The Office of Disaster Management (ODM) said on Thursday that five named storm systems have formed up to July 7thincluding the first hurricane, Elsa. Elsa passed through the Caribbean last week causing considerable damage to some islands.
On Thursday, the Colorado State University (CSU) Tropical Weather & Climate Research released its third Atlantic seasonal hurricane activity forecast and has increased its forecast slightly and they continue to forecast an above-average 2021 season.
CSU says that: “Elsa’s development and intensification into a hurricane in the tropical Atlantic also typically portends an active season. We anticipate an above-normal probability for major hurricanes making landfall along the continental United States coastline and in the Caribbean.”
ODM is strongly reiterating once again and reminding Sint Maarten residents and the business community that early preparation is key for personal and business resilience, and therefore everybody should have plans in place for early activation.
CSU forecast 20 named storms, of which nine are expected to become hurricanes and four of those Category 3+ major hurricanes.
Coastal residents living near beaches as well as businesses that are located along coastal areas, are advised to have plans in place for possible storm surge inundation in the event of a passing hurricane along the south coasts of the country.
The ODM says these plans should be in place year-round as a natural disaster can happen at any time. Families should take extra time to practice the plan. ODM urges families to use the opportunity now to review those plans to make sure you are ready!
Property damages that can be expected from hurricanes and coastal flooding is a threat to life.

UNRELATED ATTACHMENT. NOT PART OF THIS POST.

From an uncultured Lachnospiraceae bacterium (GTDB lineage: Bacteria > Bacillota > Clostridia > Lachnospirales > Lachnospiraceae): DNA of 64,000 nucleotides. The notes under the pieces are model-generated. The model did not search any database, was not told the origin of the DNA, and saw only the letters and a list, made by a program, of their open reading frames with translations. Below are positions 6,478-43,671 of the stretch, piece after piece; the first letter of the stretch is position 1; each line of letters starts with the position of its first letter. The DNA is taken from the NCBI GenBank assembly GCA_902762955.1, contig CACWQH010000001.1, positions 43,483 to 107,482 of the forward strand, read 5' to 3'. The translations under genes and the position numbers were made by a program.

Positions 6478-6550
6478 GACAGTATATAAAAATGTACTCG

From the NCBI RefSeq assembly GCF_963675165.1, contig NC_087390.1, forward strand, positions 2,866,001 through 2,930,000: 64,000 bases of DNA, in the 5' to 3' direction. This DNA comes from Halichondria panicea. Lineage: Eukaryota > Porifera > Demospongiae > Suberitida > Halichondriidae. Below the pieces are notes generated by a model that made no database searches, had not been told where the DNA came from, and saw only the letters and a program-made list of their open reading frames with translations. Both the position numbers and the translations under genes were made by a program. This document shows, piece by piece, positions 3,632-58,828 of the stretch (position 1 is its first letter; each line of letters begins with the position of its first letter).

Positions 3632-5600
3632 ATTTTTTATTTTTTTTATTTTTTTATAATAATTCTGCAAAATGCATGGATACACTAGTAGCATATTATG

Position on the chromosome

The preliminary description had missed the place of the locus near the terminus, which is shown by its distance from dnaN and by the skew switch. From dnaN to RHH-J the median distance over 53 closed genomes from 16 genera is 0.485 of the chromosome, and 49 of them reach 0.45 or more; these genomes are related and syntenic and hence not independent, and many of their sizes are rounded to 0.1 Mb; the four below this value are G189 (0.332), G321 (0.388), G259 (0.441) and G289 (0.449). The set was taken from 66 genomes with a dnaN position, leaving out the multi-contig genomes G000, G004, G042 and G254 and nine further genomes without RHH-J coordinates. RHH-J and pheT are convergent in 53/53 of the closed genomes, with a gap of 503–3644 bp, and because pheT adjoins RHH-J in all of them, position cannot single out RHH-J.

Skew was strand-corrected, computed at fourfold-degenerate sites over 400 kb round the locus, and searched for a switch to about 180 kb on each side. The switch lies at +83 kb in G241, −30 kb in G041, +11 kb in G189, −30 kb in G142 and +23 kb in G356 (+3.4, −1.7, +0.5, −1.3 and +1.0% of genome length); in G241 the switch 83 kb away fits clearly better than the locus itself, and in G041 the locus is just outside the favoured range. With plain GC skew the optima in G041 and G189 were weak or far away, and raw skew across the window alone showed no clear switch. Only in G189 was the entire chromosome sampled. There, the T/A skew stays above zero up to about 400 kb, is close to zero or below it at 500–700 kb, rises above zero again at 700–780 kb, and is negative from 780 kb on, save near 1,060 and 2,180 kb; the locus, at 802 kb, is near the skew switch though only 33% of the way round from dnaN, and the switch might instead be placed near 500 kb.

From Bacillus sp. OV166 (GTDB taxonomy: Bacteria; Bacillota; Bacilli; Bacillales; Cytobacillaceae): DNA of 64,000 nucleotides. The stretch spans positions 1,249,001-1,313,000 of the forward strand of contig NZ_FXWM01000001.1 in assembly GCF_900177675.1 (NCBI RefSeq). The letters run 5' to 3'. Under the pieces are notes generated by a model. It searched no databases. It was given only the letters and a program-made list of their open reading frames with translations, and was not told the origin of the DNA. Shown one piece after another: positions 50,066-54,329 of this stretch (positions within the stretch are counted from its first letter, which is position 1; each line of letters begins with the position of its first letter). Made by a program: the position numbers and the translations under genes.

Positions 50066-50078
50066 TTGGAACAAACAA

Most coastal communities are vulnerable to one or more different kinds of flooding and related hazards: frequent flooding from storm surge and winds; and storm-caused erosion of cliffs and beaches.
Coastal areas of Sint Maarten are mostly found on the south side of the island: Beacon Hill, vicinity of the Princess Juliana International Airport; road connection to Beacon Hill, Simpson Bay beach, Pelican, and Philipsburg, the Great Bay beach (along the boardwalk), Point Blanche, and Guana Bay.
In the event of a passing hurricane, homeowners should secure their possessions to upper levels of the structure. If you decide not to stay in your home, you should make the necessary arrangements about where you and/or your family would stay to ride out the storm/hurricane.
One should not wait until the last moment to evacuate their home; this should be done before the hurricane arrives, a minimum of 24 hours prior to the arrival of the storm system.
First responders won’t be able to go out during hurricane force winds to execute a rescue if you are trapped and inundated by storm surge. Rising storm waters can also flood coastal roads; therefore, you should leave 24-hours before.
The most important link in the chain of preparation and response for coastal flooding is you. Take the necessary measures to prepare your family and home early, ODM advises.
Here is a checklist if you have to leave your home before a hurricane strike due to anticipated high storm surge: turn off water and gas; have a radio and spare batteries; a first aid kit; flashlight; spare bedding; bottled water and tinned food; house keys; prescription medicine; cash and credit cards; mobile phone and spare clothing.
For general information about preparing prior to a storm/hurricane strike, visit the Government website: www.sintmaartengov.org/hurricane where you will be able to download your “Hurricane Season Readiness Guide’ and “Hurricane Tracking Chart.”
Listen to the Government Radio station – 107.9FM – for official information and news before, during and after a hurricane.
For official weather-related information, check out the website of the Meteorological Department of St. Maarten (MDS): www.meteosxm.com or visit their social media page Facebook.com/sxmweather/
Be prepared this hurricane season!